Stocks closed in negative territory Monday after top Wall Street analysts cut their 2001 earnings estimates for Standard & Poor's 500 companies, taking the wind off investors' hopes for profit recovery.

``We think a very cautious approach to the U.S. equity market makes a lot of sense until there are unambiguous signs of a real earnings recovery,'' J.P. Morgan Chase & Co. chief portfolio strategist Doug Cliggott told clients in a note cutting the outlook for the S&P 500. 

Roughly 80 percent of the Standard & Poor's 500 companies posted their quarterly results so far and offered few hints of an imminent pick-up in corporate earnings. Adding to the pressure on the market, UBS Warburg's Ed Kerschner, Credit Suisse First Boston's Tom Galvin and Cliggott trimmed their 2001 earnings outlook for the S&P 500 as the nation's economy struggles to pick up speed.

The Dow Jones industrial average lost 14.95 point to end the day at 10,401.72, while the technology-dominated Nasdaq Composite Index fell 11.25 to 2,017.82. The broader Standard & Poor's 500 Index dropped 1.30 to 1,204.52.

``There's still no sense of when the profit pressure is going to ease,'' said Charles Pradilla, chief investment strategist at SG Cowen Securities. ``But right now it looks like the turn in both the economy and profits probably won't occur well into the first quarter of 2002. That means the market is going to be slow and trendless for a while.''

Desktop publishing software provider Adobe Systems Inc. dropped $2.52 to $40.54, a 5.9 percent loss. The company said it should meet its quarterly earnings targets but could take a hit on revenue because of weaker-than-expected conditions across its product lines. 

Tyson Foods was also off, dropping 52 cents to $9.88, despite beating quarterly estimates. Investors were dissatisfied with the poultry producer's indications that business remains disappointing.

Aviron fell $11.40, or more than 27 percent, to $29.40, ranking as the largest percentage loser on the Nasdaq. The pharmaceutical company said it will not be able to launch its nasal spray vaccine in time for the upcoming flu season after a U.S. regulatory panel voted against recommending approval of the spray, citing safety concerns.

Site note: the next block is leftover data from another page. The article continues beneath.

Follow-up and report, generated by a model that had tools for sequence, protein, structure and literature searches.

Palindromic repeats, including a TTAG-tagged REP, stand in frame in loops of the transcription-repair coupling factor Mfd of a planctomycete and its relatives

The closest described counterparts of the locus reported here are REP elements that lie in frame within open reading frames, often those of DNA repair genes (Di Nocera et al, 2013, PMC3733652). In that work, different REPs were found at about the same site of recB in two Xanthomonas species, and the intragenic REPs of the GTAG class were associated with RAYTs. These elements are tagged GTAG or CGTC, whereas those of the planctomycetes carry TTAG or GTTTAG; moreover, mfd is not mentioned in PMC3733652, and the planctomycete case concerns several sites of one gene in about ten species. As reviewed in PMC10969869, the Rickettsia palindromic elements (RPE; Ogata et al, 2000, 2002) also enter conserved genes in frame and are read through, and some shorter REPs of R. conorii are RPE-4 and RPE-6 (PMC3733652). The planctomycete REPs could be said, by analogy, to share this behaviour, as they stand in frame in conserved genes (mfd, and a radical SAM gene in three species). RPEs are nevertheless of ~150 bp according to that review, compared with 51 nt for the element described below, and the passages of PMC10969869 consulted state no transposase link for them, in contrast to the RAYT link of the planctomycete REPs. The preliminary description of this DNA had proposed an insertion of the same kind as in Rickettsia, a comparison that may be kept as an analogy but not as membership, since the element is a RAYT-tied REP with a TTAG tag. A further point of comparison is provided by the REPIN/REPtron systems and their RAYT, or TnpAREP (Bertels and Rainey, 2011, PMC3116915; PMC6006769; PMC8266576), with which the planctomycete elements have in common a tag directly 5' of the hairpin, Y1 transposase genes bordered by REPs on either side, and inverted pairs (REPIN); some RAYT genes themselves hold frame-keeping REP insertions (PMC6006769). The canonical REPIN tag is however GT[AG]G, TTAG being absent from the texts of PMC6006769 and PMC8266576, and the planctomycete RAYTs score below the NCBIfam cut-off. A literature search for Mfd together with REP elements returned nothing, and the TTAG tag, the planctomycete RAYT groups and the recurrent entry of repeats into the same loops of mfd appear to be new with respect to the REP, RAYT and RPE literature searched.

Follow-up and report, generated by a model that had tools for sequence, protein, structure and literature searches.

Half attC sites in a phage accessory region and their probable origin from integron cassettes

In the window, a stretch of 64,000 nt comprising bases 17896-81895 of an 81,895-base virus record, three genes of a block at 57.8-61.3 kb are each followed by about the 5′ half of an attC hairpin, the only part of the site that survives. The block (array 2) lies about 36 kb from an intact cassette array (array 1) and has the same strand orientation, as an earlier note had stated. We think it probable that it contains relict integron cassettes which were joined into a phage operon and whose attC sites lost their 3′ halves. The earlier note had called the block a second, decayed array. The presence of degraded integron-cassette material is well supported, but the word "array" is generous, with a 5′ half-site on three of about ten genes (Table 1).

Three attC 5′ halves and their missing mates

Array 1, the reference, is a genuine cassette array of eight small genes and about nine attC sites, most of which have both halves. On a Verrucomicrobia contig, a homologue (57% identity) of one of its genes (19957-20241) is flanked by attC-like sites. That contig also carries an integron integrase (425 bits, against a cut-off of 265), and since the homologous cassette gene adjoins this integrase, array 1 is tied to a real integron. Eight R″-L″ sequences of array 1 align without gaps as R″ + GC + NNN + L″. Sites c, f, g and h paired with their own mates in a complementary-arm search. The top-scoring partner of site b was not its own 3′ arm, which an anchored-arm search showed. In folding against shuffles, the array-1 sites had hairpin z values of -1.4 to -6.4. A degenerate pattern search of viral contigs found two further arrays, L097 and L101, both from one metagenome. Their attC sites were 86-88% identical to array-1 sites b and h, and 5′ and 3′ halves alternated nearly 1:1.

But Swedish mobile phone company Ericsson perked 24 cents to $5.09 on the Nasdaq. Sweden's Dagens Industri newspaper said an internal Ericsson report showed the company was on course to exceed its savings target in information technology as well as research and development. 

U.S. cell phone maker Motorola Inc. gained 10 cents to $19.10. Finland's Nokia Corp., the world's largest mobile phone maker, rose 30 cents to $21.50. 

Heller Financial Inc. jumped $17.10 to $53 after GE Capital, the huge finance arm of conglomerate General Electric Co., said it plans to buy Heller for about $5.3 billion in cash to expand its sizable commercial-finance operations. GE, a Dow component, dipped 55 cents to $44.10. 

Wall Street rewarded pizza restaurant chain Papa John's for better-than-expected results, sending its stock up 75 cents, or 3 percent, to $24.75.

Investors are waiting for signs that the Federal Reserve's six interest-rate cuts this year are adding momentum to the nation's sluggish economy. The central bank meets on Aug. 21, when it is widely expected to cut rates for the seventh time this year in a bid to revitalize the world's largest economy. 

``I think you can safely say that the weakness in the market represents a lack of conviction,'' said Richard Cripps, chief market strategist at Legg Mason Wood Walker. ``At some point, the confidence level in forward earnings and in the economy will have improved, but you don't know when that will be until after it has happened.''

Advancing issues led decliners 8 to 7 on the New York Stock Exchange in quiet trading. Volume was 902.95 million shares, compared with 1.01 billion Friday. 

The Russell 2000 index fell 0.34 to 484.67. 

Overseas, Japan's Nikkei stock average fell 1.9 percent. European stocks fared better. Germany's DAX index rose 0.7 percent, Britain's FT-SE 100 advanced 0.8 percent, and France's CAC-40 gained 1.3 percent.

-- The Associated Press and Reuters contributed to this report.